These theoretical and meta-theoretical frameworks constitute our “ethical toolkit” – a collection of important but diverse ways of analyzing and attempting to resolve ethical problems. Part of our work as ethicists is learning how to apply a given theoretical framework to a specific issue; and given the diversity of possible theoretical frameworks, we must also determine which frameworks are best suited for confronting and resolving specific ethical issues. The meta- theoretical frameworks of relativism, absolutism, and pluralism help clarify and guide these determinations.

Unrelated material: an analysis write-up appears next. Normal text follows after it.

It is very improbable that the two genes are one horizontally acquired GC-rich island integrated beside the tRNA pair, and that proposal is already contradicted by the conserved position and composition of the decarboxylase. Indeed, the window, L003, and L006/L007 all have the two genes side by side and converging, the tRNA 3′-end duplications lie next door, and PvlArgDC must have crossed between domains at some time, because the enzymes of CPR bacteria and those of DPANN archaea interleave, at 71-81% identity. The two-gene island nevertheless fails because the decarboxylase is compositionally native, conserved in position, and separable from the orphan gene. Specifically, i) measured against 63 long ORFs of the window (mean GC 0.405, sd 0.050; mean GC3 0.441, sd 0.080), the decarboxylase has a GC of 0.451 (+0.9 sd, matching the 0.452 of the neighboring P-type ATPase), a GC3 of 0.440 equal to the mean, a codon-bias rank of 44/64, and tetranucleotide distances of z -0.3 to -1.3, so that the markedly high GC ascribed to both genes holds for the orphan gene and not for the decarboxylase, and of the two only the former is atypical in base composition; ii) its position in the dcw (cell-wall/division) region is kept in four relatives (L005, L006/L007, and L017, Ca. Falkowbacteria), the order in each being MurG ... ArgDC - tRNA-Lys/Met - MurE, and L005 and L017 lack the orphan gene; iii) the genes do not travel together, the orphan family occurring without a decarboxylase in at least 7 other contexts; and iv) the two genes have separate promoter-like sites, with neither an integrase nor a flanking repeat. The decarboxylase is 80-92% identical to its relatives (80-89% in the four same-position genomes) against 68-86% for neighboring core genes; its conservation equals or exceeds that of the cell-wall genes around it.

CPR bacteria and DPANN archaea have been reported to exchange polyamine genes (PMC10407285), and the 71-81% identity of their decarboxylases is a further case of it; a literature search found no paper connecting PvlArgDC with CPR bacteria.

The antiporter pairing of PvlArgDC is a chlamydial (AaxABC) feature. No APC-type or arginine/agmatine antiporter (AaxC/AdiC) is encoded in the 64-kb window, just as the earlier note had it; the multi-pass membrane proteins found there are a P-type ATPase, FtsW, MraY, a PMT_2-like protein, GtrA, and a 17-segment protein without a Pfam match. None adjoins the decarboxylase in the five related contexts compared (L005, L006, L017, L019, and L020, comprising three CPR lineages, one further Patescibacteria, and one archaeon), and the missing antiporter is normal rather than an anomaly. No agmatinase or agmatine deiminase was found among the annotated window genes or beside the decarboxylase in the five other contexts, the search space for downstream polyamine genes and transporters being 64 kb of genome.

A synopsis of digital media ethics Much of the ethical reflection on digital media – most especially, on the ethical dimensions of information and communication technologies (ICTs) – arose alongside the technologies themselves. But this means that, until the last two decades or so, most of the discussion and reflection on digital media ethics took place primarily within Western countries, utilizing primarily Western ethical traditions and ways of thinking. To begin with, there is widespread agreement that Norbert Wiener’s The Human Use of Human Beings: Cybernetics and Society stands as the first book in computer ethics. For over two decades, “computer ethics” was the concern of a very small group of professionals – principally computer scientists and a few philosophers. “Computer ethics” as its own term emerged only in the 1970s, mainly through the work of Walter Maner, but also manifest, for example, in the first professional code of computer ethics of the Association for Computing Machinery in 1973 (and subsequently revised – most recently in ACM. The introduction of the personal computer (PC) in 1982, however, began a dramatic expansion of the role of computers and computer networks into the lives of “the rest of us” – i.e., those of us who are not computer scientists or other sorts of information professionals, such as librarians. Following the emergence of the internet and World Wide Web in the lives and awareness of most people in the developed world in the early 1990s, a number of savvy observers began to predict (rightly) that by the beginning of the twenty-first century, information and computing ethics (ICE) would become a global ethics – i.e., a domain of ethical issues, debate, and possible resolution, of concern to more and more people representing an increasingly global diversity of cultural norms and ethical and religious traditions. In fact, what is called “intercultural computing ethics” has been underway in ICE since the 1990s